Now retired from his legendary managerial career, Cox will have an opportunity to relax and soak in all of the appreciation the Braves and fans will show him on Aug. 12, when he will be inducted into the Braves Hall of Fame and given the grand honor of seeing his No. 6 jersey retired.
"It's wonderful," Cox said on Tuesday morning. "I'm excited and humbled yet again."
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The induction will take place during an afternoon luncheon, and his number will be retired during an on-field ceremony before that evening's game against the Cubs.
"Bobby Cox exemplifies the Braves organization," team president John Schuerholz said in a release. "Inducting him into our Hall of Fame and retiring his legendary No. 6 is fitting recognition for a man who has done so much for our organization, our great game and the city of Atlanta."
Cox will be the eighth member of the organization to have his number retired, joining Hank Aaron (44), Eddie Mathews (41), Warren Spahn (21), Phil Niekro (35), Dale Murphy (3), Greg Maddux (31) and Tom Glavine (47).
"This is a great way to go out," Cox said. "I'm still getting used to being retired. Being around [Spring Training] this year has been great."
Now a consultant to the Braves, Cox has been with the club at Spring Training since new manager Fredi Gonzalez opened camp in February. He has attended every home game and many of the workouts, but he has also made every attempt to stay behind the scenes.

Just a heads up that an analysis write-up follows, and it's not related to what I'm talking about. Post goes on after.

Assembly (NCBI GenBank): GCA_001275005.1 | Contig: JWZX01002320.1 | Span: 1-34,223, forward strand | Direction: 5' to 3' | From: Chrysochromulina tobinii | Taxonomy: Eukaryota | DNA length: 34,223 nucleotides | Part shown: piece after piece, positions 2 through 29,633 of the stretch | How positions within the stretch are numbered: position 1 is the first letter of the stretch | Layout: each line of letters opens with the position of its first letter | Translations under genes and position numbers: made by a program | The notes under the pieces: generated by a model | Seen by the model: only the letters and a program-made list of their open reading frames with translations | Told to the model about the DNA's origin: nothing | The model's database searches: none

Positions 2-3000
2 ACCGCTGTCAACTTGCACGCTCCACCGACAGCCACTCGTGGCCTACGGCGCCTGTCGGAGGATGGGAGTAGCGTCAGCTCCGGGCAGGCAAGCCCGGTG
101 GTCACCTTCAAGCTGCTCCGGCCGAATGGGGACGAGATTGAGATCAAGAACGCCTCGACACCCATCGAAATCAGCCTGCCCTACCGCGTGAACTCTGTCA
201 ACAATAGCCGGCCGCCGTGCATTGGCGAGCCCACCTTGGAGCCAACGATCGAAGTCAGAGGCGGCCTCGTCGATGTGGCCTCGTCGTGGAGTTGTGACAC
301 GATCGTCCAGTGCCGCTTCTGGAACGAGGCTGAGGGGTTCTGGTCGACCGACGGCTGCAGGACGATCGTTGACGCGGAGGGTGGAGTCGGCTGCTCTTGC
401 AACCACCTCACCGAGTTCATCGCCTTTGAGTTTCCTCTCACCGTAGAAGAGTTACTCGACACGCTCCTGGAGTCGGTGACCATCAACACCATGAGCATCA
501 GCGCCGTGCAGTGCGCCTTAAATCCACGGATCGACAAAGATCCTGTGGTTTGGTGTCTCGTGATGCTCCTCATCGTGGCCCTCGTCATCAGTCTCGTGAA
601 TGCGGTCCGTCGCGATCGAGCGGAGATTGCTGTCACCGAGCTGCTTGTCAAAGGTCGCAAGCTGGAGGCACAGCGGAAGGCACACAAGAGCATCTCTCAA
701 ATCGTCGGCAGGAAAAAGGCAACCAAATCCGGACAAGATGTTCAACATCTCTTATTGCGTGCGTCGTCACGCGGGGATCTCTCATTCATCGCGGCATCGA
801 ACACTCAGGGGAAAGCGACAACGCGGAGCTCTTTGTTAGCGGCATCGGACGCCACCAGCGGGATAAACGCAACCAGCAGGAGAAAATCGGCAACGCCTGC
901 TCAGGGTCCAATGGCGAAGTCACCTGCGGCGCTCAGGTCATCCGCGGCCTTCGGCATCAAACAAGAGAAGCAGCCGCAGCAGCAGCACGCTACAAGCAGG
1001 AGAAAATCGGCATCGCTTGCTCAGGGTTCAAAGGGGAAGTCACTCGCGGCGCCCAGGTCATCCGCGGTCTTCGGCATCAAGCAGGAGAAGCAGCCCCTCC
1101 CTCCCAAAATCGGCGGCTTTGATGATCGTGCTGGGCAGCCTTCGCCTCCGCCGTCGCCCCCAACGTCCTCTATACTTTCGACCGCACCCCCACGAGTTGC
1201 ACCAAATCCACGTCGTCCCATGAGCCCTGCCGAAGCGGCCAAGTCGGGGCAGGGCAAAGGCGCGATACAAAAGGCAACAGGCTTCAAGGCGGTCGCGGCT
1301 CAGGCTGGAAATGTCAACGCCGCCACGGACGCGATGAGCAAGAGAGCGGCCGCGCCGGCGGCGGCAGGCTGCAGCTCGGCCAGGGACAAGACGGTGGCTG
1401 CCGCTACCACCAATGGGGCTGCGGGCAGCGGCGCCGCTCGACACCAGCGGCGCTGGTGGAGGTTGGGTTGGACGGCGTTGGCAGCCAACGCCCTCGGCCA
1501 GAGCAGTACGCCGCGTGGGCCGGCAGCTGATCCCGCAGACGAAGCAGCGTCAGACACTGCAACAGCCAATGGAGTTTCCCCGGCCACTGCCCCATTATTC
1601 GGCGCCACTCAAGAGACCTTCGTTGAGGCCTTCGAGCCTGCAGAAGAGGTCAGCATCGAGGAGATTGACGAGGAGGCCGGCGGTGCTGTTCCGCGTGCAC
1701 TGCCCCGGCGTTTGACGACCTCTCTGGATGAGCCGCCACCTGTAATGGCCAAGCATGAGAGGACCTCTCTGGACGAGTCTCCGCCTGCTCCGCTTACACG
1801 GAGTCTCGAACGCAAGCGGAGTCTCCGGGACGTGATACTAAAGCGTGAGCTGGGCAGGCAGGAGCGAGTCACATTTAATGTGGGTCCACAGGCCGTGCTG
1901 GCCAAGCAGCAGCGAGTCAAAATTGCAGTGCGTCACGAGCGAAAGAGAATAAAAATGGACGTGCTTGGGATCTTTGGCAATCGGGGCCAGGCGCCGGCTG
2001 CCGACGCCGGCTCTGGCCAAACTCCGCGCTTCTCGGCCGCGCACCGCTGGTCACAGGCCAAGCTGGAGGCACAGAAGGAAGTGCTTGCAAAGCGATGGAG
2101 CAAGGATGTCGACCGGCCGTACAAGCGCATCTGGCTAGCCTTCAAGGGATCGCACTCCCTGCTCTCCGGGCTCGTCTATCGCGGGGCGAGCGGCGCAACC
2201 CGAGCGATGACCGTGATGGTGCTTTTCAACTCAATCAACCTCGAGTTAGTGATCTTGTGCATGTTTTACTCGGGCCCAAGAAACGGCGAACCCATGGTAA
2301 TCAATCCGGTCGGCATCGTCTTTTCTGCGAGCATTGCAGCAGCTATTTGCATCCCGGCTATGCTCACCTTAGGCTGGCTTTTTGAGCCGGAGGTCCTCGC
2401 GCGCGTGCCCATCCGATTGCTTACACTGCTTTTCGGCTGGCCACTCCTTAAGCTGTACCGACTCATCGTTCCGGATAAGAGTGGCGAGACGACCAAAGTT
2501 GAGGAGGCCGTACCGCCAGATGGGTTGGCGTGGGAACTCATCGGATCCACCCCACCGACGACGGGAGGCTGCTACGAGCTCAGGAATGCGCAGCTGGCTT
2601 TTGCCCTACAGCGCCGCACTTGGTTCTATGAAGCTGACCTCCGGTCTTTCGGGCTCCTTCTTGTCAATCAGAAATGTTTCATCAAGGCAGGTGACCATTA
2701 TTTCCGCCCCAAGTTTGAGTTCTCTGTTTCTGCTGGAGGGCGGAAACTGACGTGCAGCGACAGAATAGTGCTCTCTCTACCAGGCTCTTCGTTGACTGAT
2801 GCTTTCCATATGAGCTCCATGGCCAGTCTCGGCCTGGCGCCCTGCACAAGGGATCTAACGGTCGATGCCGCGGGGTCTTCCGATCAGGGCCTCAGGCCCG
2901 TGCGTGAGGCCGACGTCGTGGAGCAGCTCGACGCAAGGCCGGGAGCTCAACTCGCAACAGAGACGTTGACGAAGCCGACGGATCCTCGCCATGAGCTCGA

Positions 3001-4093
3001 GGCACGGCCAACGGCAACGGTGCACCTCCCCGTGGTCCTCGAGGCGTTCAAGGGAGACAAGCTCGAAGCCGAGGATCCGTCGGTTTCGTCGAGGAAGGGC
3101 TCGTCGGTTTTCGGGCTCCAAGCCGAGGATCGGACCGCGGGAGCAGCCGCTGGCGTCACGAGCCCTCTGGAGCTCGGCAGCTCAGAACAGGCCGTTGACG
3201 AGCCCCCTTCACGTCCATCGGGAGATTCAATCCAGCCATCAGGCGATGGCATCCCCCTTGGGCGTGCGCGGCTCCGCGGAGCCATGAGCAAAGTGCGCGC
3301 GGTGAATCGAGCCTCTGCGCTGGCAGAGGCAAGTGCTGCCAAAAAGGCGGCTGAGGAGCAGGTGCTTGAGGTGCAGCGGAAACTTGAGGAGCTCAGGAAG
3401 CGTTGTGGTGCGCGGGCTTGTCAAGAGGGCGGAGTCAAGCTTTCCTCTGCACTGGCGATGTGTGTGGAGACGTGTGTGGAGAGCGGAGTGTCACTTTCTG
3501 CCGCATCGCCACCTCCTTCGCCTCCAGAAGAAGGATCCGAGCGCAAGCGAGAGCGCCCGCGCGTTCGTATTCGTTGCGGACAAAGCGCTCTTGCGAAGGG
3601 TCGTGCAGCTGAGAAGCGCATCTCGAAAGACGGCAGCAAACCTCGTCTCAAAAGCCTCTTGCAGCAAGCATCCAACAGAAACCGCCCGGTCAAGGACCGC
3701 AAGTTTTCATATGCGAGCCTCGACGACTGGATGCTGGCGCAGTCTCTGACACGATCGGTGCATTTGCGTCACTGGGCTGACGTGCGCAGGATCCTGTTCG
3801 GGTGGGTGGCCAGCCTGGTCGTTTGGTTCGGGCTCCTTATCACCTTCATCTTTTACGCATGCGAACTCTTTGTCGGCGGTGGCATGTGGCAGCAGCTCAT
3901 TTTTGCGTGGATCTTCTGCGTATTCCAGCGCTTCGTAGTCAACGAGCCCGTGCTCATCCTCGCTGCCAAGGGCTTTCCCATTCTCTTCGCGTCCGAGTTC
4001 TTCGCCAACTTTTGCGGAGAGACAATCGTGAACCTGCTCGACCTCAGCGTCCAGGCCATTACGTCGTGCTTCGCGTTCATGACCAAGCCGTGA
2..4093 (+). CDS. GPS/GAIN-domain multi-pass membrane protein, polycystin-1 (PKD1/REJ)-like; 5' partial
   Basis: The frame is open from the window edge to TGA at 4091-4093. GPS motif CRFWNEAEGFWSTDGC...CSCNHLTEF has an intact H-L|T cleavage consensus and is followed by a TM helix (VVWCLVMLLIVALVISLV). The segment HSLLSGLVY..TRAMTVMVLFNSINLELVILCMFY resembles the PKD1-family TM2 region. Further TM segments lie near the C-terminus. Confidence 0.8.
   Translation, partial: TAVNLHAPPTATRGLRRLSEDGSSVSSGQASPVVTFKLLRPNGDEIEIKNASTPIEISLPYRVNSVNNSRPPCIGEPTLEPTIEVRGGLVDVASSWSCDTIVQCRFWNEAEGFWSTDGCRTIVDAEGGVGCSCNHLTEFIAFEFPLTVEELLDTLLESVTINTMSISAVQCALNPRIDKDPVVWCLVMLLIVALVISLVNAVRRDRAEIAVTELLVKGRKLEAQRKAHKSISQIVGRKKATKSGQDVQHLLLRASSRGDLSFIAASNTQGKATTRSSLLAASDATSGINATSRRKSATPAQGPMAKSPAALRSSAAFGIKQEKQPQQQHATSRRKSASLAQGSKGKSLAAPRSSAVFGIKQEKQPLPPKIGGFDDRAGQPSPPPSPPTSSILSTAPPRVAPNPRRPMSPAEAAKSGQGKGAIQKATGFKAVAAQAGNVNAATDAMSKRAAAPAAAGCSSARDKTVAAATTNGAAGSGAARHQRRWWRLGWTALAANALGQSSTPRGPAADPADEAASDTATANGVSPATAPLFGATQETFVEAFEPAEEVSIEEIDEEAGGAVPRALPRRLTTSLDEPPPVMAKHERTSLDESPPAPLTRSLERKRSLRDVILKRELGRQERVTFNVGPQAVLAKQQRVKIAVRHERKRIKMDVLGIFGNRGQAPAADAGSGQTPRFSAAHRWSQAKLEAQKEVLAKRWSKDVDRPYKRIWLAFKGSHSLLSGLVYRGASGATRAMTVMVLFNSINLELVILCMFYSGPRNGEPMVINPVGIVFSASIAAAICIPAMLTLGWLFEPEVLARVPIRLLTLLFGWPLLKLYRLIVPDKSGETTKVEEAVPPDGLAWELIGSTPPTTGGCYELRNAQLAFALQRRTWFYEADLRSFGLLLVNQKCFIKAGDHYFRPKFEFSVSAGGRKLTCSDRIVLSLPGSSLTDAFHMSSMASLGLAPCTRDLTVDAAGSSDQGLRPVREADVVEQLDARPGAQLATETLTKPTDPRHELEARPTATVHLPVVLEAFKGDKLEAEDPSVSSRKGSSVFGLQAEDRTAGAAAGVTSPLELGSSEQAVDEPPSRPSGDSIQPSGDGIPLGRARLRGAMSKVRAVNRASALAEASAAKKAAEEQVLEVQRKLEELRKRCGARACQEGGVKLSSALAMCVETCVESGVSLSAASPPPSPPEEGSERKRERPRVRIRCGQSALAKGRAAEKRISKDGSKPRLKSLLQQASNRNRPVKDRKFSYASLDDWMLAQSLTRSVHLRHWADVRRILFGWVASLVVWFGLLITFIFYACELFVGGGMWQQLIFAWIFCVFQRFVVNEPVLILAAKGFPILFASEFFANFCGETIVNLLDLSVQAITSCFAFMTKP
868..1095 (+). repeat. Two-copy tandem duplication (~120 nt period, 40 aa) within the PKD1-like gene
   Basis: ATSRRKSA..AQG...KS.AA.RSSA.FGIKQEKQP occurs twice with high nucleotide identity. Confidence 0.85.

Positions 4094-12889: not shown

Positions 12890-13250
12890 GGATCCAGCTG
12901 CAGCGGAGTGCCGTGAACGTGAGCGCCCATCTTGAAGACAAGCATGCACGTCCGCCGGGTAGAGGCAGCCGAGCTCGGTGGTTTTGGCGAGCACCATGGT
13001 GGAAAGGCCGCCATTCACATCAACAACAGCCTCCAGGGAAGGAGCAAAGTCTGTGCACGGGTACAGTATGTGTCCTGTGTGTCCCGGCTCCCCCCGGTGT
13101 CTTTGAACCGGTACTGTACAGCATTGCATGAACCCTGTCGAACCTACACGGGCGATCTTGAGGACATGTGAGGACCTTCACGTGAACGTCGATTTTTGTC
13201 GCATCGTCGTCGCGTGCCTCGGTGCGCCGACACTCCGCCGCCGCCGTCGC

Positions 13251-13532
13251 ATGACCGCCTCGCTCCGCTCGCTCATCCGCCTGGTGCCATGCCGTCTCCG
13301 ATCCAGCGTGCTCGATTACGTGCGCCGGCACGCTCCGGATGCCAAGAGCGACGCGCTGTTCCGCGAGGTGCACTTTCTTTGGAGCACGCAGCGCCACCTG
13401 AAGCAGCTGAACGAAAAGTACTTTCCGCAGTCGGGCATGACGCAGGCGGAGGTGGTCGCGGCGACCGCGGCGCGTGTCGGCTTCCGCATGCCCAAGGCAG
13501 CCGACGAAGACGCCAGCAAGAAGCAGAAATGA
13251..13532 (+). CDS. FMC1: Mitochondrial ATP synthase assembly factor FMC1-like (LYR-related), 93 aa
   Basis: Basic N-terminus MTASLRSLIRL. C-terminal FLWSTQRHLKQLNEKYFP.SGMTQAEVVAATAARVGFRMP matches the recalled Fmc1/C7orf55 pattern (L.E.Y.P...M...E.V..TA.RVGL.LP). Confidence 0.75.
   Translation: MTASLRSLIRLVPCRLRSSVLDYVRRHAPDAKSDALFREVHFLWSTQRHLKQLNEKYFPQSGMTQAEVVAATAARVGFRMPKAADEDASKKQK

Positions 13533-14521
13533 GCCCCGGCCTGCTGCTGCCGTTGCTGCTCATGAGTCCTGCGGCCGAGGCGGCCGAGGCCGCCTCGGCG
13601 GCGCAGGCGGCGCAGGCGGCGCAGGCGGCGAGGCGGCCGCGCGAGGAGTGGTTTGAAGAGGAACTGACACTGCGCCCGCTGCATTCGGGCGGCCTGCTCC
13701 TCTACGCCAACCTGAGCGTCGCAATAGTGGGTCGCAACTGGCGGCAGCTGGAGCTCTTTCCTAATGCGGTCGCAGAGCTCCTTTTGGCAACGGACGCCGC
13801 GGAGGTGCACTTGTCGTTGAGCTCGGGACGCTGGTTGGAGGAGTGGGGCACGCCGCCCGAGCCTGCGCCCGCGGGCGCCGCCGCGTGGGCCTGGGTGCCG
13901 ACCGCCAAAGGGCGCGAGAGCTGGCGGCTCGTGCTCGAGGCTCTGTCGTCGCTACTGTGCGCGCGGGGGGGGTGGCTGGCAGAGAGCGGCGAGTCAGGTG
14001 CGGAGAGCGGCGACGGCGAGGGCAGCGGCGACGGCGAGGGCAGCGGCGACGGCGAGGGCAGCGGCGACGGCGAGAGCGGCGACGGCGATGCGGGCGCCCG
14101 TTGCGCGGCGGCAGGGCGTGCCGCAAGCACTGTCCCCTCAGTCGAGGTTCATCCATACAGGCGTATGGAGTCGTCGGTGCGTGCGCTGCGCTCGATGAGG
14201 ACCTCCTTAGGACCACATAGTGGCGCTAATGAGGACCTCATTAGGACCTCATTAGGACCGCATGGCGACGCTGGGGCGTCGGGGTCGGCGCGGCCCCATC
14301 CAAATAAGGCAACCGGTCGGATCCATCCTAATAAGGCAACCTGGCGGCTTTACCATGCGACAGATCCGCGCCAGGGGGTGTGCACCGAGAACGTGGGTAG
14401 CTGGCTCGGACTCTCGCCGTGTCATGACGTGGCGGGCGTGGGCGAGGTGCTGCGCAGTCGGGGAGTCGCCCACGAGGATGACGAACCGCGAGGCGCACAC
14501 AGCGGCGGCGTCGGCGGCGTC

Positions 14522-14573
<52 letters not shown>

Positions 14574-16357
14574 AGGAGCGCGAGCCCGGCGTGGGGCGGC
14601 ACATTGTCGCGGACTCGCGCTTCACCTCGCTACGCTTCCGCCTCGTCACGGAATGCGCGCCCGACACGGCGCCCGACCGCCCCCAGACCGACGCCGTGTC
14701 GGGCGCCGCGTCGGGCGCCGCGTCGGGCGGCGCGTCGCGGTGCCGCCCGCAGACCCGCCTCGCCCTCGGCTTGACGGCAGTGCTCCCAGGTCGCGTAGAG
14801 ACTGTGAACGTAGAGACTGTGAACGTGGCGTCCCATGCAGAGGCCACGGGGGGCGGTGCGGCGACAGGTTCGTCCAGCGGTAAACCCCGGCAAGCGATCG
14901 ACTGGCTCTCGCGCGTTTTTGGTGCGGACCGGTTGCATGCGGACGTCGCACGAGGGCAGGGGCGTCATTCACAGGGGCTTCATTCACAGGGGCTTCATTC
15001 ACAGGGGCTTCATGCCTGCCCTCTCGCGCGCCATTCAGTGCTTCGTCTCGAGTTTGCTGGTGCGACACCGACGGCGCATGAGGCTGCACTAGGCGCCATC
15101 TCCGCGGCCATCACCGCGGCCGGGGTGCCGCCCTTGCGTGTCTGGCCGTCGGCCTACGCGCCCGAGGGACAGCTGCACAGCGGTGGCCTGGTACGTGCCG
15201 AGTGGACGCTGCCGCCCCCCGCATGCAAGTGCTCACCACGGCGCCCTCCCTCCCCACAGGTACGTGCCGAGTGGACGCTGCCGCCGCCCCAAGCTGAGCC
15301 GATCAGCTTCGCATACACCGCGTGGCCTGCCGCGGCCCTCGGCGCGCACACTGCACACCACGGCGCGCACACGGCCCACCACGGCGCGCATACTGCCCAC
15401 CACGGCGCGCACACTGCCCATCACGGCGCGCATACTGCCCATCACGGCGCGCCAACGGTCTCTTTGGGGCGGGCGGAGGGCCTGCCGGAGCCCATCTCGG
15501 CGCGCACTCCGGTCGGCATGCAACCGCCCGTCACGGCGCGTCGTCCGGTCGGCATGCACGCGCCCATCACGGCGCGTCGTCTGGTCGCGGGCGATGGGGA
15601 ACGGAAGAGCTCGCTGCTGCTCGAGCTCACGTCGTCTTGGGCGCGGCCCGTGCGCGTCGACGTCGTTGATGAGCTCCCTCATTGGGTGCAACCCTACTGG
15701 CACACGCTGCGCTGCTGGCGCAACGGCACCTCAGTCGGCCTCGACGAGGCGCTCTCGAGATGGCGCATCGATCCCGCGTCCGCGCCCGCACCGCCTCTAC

While the Braves played the Mets in Port St. Lucie, Fla., on Monday, Cox was near his Disney-area Spring Training residence listening to the game.
"I'm still cheering the Atlanta Braves on every day," he said.
Cox retired in October with 2,504 wins -- the fourth-most in Major League history. The 69-year-old skipper spent 25 of his 29 managerial seasons with the Braves. While serving as the club's general manager from 1986-90, he reshaped the Minor League system and planted the seeds for the success that fans have enjoyed over the past 20 years.
This year marks the 20th anniversary of when Cox led the 1991 team to the first of 14 consecutive division titles and to within one victory of winning an epic World Series battle against the Twins. Under his direction, the Braves won five National League pennants and one World Series (1995).
Mark Bowman is a reporter for MLB.com. This story was not subject to the approval of Major League Baseball or its clubs.